U.S. stocks rebounded on Nov. 26 after two bruising weeks, as investors picked up beaten-down energy and financial stocks, while retailers gained on hopes of robust sales on the largest online shopping day of the year.
Cyber Monday was expected to rake in a record $7.8 billion in sales, according to Adobe Analytics, as shoppers flock to online sites for deals.
E-commerce giant Amazon.com Inc. jumped 3.4 percent, providing the biggest boost to the S&P 500 and the Nasdaq. The consumer discretionary index rose 1.75 percent.
The energy index rose 1.52 percent as oil prices recovered some losses from its near 7 percent plunge on Friday (Nov. 23), while financials added 1.97 percent, helped by gains in JPMorgan Chase & Co. and Goldman Sachs Group Inc.
The S&P 500 entered correction territory for the second time in the year on Friday after it closed 10.2 percent lower from its record closing high on Sept. 20.
High-flying technology stocks have been at the center of the recent selloff, which has been triggered by a number of factors including U.S.-China trade dispute, rising U.S. interest rates and signs of global economic slowdown.
“We were very over-sold last week and that happened in a holiday-shortened sub-optimal environment, and markets are catching a bounce,” said Art Hogan, chief market strategist at B. Riley FBR in New York.
“All indications are that the holiday shopping sales are robust, and consumer discretionary is catching a little bit of a break today over-enthusiasm over Black Friday, Cyber Monday.”
General Motors Co. jumped 6 percent after the automaker said it would cut production of slow-selling models and slash its North American workforce.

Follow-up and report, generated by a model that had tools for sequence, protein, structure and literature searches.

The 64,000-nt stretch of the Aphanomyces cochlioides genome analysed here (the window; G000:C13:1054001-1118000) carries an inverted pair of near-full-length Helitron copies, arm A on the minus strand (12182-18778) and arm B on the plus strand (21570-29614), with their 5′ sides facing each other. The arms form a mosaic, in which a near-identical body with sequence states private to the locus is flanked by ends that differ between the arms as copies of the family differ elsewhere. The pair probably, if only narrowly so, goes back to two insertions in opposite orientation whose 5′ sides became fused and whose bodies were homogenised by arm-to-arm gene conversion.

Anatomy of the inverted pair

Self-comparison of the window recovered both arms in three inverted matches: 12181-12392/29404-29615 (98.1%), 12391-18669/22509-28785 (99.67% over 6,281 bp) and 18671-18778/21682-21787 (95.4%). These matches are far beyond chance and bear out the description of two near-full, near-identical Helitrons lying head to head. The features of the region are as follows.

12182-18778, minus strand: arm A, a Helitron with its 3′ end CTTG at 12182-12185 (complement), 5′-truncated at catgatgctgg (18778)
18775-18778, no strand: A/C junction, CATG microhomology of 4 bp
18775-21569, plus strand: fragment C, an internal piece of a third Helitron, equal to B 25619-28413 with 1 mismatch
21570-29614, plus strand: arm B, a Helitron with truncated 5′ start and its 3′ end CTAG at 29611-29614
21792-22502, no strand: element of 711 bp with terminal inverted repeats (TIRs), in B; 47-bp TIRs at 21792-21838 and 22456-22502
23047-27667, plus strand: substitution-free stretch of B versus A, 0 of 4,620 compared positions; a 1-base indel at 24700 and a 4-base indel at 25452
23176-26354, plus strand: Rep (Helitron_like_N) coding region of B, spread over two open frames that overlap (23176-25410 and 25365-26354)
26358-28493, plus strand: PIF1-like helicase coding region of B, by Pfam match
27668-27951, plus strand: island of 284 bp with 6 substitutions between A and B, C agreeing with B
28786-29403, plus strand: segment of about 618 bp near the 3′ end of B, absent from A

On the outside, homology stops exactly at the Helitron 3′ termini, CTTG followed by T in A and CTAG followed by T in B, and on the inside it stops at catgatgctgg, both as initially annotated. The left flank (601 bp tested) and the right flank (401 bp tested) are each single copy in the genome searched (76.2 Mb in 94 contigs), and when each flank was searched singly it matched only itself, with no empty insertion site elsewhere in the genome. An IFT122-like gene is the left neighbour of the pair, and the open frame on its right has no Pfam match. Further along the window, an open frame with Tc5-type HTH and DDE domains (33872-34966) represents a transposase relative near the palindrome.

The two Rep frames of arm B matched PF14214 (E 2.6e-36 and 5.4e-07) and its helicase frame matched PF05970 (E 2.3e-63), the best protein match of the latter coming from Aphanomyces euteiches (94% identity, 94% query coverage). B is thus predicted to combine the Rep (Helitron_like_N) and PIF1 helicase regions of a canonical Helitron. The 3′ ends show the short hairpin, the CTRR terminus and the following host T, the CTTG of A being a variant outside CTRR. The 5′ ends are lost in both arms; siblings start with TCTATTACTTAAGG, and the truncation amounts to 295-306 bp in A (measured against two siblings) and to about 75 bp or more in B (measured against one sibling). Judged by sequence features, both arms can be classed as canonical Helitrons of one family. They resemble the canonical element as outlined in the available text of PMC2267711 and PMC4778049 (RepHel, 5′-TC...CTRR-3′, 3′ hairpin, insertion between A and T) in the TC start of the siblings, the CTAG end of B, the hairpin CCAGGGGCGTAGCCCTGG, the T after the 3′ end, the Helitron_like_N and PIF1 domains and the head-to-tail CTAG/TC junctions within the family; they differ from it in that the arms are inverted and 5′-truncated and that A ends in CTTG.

Other automakers, including Ford Motor Co. and Fiat Chrysler Automobiles NV also rose.
Investors will keep a close watch on the G20 Summit this week, where U.S. President Donald Trump and his Chinese counterpart Xi Jinping are expected to hold trade talks in Buenos Aires.
“I don’t think you are going see a complete solution to the trade dispute, but you are going to see a path towards a solution,” said John Lynch, Chief Investment Strategist for LPL Financial in Charlotte, North Carolina.
The technology sector rose 1.09 percent after dropping more than 6 percent last week, its worst fall in eight months.
Nvidia Corp. rose 1.9 percent after Credit Suisse began coverage of the chipmaker with an “outperform” rating.
The defensive consumer staples and real estate were the only major S&P sectors to trade lower.
Advancing issues outnumbered decliners by a 1.85-to-1 ratio on the NYSE and by a 1.59-to-1 ratio on the Nasdaq.
The S&P index recorded five new 52-week highs and two new lows, while the Nasdaq recorded 14 new highs and 66 new lows.
By Amy Caren Daniel